The goal of this trial is to compare the efficacy and safety of short-course chemoradiation consisting in stereotactic boost to the gross tumor of 14 Gy in 2 fractions followed by de-esclalated chemoradiation (40 Gy in 20 fractions and concurrent 2 cycles of Cisplatin 100mg/m2) in human papilloma associated oropharynx cancer vs. the current standard 7-week course chemoradiation (70 Gy in 33 fractions with 2-3 cycles of Cisplatin 100mg/m2).
This is an open label randomized phase II trial with 2 planned interim safety (toxicity) analysis and 1 futility (locoregional control) analysis with go/no go decision to pursue the study based on probabilities of toxicities and LRC (Bayesian adaptive design). Patients will be randomized using a 1:1 ratio between the standard and the experimental arm and will be stratified by tumor stage. At the significance level of 0.2 and assuming the LRC rate of 90% for both experimental and control arms, 80% for the non-inferiority test with the margin of 10%, and 6% attrition rate, a total of 106 patients will be enrolled.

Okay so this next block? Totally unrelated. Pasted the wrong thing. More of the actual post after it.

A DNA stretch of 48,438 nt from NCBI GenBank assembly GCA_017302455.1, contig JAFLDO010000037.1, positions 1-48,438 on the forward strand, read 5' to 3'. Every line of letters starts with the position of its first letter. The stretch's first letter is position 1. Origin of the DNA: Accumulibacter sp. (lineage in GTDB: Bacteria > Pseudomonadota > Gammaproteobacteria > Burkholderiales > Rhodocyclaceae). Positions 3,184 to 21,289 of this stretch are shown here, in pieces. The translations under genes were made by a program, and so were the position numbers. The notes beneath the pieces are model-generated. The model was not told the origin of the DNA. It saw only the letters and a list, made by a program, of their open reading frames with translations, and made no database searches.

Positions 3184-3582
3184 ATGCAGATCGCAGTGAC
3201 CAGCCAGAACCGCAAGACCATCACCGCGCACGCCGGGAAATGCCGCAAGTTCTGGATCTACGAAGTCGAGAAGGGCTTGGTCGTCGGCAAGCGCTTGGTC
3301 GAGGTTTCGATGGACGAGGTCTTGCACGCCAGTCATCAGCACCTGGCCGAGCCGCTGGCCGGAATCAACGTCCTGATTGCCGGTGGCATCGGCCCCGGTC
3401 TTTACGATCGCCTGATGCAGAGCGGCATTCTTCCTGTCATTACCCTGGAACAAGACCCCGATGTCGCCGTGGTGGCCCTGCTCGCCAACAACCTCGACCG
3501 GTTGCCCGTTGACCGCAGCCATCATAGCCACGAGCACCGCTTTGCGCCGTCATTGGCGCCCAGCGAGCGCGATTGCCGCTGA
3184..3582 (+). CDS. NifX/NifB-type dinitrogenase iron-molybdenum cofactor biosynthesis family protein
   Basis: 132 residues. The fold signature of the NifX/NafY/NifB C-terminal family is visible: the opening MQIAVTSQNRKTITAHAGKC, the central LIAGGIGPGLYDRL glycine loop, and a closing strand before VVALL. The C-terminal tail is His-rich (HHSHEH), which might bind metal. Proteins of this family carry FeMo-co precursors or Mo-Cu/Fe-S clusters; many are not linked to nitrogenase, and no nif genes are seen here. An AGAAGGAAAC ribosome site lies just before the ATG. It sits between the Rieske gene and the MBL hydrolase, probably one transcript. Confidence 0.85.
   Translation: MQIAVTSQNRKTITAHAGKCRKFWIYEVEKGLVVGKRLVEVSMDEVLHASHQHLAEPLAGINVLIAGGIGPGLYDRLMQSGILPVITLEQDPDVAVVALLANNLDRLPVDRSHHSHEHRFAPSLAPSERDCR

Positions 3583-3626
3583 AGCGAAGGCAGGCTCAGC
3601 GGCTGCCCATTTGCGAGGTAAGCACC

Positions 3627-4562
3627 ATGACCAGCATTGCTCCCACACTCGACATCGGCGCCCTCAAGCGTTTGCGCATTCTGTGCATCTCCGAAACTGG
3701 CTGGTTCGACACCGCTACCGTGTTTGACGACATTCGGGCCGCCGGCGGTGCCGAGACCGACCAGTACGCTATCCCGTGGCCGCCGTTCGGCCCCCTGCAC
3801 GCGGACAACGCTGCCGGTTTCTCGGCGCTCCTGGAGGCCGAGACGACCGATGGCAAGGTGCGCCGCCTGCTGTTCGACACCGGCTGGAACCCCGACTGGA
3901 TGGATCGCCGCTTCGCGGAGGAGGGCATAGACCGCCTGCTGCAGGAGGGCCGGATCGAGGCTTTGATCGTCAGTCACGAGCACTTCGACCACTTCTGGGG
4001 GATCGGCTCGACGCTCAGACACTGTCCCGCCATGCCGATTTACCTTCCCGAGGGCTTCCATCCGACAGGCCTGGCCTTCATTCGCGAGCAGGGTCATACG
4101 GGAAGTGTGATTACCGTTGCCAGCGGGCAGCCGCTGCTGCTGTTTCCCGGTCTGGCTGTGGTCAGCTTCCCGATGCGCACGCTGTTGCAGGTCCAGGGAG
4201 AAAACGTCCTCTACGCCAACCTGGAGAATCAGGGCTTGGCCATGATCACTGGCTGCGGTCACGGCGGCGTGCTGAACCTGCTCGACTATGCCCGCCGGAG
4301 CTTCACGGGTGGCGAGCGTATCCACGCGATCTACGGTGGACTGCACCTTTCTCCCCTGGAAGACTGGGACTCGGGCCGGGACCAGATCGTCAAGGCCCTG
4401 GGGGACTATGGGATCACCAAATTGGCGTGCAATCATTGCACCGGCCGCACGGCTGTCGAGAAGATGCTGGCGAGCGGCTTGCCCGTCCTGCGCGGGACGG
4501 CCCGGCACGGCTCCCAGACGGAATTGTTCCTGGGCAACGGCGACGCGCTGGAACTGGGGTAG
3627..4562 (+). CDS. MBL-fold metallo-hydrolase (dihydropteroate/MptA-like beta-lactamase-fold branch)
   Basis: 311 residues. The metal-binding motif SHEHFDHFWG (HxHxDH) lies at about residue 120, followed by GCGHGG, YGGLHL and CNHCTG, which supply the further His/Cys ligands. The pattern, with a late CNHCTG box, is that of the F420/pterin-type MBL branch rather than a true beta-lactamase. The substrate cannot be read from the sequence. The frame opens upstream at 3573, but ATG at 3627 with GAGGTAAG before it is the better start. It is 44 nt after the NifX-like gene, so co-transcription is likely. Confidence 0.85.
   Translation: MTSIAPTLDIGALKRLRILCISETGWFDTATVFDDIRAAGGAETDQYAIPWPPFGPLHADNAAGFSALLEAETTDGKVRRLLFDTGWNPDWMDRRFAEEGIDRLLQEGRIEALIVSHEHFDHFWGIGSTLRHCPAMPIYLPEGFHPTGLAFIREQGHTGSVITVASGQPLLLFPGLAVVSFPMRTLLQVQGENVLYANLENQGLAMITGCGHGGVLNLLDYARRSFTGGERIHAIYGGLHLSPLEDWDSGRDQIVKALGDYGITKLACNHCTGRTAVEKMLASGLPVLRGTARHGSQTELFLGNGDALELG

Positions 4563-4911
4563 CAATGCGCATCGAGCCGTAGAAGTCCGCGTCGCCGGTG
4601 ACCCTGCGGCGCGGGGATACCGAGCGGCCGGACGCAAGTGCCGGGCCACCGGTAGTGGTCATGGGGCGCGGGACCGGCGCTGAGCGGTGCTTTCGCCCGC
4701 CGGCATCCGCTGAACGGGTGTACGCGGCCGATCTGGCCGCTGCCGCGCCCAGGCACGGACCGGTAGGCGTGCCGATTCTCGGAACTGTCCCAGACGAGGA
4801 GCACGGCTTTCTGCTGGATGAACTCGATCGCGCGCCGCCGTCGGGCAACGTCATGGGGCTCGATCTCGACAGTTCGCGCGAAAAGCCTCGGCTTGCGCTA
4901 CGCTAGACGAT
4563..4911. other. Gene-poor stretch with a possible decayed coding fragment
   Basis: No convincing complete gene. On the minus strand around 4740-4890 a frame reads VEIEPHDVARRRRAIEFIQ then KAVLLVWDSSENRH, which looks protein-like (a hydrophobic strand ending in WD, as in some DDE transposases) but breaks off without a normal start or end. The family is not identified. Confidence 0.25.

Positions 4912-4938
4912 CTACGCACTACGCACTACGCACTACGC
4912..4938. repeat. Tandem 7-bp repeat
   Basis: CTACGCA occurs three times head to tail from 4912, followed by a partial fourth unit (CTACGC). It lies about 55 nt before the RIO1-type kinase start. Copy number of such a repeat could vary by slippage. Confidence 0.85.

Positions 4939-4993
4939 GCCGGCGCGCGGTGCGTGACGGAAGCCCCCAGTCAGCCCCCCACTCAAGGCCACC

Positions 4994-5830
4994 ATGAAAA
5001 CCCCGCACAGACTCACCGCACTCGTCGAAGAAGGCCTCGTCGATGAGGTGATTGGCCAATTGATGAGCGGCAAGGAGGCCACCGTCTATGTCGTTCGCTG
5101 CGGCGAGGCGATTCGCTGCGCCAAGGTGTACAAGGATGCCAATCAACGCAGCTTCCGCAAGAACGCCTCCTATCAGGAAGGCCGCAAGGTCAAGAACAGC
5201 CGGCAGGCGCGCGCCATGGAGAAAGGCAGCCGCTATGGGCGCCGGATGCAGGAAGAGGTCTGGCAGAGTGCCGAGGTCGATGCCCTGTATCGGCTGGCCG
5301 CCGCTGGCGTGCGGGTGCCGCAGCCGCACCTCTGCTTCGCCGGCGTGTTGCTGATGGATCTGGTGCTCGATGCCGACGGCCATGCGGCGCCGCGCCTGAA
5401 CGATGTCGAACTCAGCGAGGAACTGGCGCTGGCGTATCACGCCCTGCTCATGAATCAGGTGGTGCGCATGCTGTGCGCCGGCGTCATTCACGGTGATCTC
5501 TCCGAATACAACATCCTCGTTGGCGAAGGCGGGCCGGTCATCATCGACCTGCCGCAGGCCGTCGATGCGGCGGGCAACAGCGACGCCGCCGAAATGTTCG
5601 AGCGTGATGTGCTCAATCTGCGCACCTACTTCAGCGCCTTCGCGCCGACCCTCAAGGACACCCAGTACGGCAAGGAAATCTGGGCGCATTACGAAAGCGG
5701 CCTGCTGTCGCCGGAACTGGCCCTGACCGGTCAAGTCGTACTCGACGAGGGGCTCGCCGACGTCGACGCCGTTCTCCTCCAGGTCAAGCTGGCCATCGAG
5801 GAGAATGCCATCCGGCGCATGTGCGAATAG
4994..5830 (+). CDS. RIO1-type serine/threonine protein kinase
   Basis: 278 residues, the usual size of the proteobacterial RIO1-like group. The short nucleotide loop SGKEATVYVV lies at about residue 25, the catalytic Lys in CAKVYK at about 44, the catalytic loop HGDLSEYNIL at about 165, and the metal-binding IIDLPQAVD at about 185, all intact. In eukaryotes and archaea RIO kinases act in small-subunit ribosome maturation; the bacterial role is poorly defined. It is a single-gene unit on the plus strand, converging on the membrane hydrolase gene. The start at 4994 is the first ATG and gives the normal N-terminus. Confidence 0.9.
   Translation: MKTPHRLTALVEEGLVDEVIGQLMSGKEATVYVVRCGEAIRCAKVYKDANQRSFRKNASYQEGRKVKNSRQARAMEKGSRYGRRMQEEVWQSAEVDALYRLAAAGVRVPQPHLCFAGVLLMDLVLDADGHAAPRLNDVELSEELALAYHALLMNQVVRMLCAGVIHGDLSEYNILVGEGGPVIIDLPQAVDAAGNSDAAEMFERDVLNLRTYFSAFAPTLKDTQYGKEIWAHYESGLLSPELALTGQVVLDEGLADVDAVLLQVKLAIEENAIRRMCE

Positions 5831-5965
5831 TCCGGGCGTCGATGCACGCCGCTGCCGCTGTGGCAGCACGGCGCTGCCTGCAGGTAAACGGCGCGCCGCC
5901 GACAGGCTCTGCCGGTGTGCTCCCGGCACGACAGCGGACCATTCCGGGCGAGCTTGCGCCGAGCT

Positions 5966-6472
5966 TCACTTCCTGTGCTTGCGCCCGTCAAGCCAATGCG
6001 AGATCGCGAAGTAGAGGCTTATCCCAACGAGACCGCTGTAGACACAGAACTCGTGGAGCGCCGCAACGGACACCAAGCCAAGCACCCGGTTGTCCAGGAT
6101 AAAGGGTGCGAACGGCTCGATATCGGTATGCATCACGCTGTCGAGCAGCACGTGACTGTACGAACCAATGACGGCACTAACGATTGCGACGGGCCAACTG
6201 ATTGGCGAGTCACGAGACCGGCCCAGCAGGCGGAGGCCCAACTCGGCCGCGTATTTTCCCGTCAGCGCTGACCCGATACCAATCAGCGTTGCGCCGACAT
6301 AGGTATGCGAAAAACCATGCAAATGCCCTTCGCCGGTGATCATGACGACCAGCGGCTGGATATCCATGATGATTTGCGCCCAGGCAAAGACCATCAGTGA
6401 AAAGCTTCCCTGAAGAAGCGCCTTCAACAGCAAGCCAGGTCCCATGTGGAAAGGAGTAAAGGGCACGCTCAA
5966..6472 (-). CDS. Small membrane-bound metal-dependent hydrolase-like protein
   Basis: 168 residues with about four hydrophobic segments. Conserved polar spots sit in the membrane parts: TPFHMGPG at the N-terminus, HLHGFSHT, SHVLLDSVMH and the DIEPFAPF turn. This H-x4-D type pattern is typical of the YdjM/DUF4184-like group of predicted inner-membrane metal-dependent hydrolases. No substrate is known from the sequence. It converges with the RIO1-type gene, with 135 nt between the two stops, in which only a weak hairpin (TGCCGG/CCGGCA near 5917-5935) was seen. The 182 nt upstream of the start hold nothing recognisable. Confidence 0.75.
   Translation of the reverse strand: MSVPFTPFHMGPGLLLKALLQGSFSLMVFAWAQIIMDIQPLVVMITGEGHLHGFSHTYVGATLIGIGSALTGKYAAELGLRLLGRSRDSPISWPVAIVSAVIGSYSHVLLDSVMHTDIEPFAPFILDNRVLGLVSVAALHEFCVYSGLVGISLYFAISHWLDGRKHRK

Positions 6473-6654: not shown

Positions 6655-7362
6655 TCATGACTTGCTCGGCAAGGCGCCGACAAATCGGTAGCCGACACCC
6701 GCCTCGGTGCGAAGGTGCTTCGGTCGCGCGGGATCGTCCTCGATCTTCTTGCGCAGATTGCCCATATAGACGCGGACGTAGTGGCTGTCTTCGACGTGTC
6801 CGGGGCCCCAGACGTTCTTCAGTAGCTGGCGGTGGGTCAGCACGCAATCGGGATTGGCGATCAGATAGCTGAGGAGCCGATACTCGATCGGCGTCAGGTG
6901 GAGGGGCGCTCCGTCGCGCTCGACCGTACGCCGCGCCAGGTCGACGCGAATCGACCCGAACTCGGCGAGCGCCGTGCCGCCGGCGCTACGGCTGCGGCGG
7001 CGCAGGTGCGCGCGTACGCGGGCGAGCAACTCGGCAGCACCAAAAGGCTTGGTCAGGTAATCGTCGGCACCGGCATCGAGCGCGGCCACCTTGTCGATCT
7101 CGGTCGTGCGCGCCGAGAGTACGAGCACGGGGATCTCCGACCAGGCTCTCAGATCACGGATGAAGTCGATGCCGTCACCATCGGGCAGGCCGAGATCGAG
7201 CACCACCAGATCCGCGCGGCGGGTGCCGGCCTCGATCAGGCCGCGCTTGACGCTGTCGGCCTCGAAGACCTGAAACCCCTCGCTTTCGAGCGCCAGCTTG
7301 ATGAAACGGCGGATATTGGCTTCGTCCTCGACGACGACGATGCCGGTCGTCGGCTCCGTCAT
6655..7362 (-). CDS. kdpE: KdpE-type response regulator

|Study Type :||Interventional (Clinical Trial)|
|Estimated Enrollment :||106 participants|
|Intervention Model:||Parallel Assignment|
|Masking:||None (Open Label)|
|Official Title:||Stereotactic Boost and SHOrt-course Radiation Therapy for HPV-associated OroPharynx Cancer Trial: A Randomized Multicentric Phase II Trial|
|Actual Study Start Date :||February 23, 2020|
|Estimated Primary Completion Date :||December 2023|
|Estimated Study Completion Date :||December 2025|
Experimental: SABR boost and de-escalated chemoradiation
SABR boost of 14 Gy in 2 fractions to the GTV, immediately followed by de-escalated chemoradiation. De-escalated chemoradiation will consist in 40 Gy in 20 fractions with concurrent high dose Cisplatin (3-weekly, 100 mg/m2) for 2 cycles, aiming for a cumulative dose of 200 mg/m2.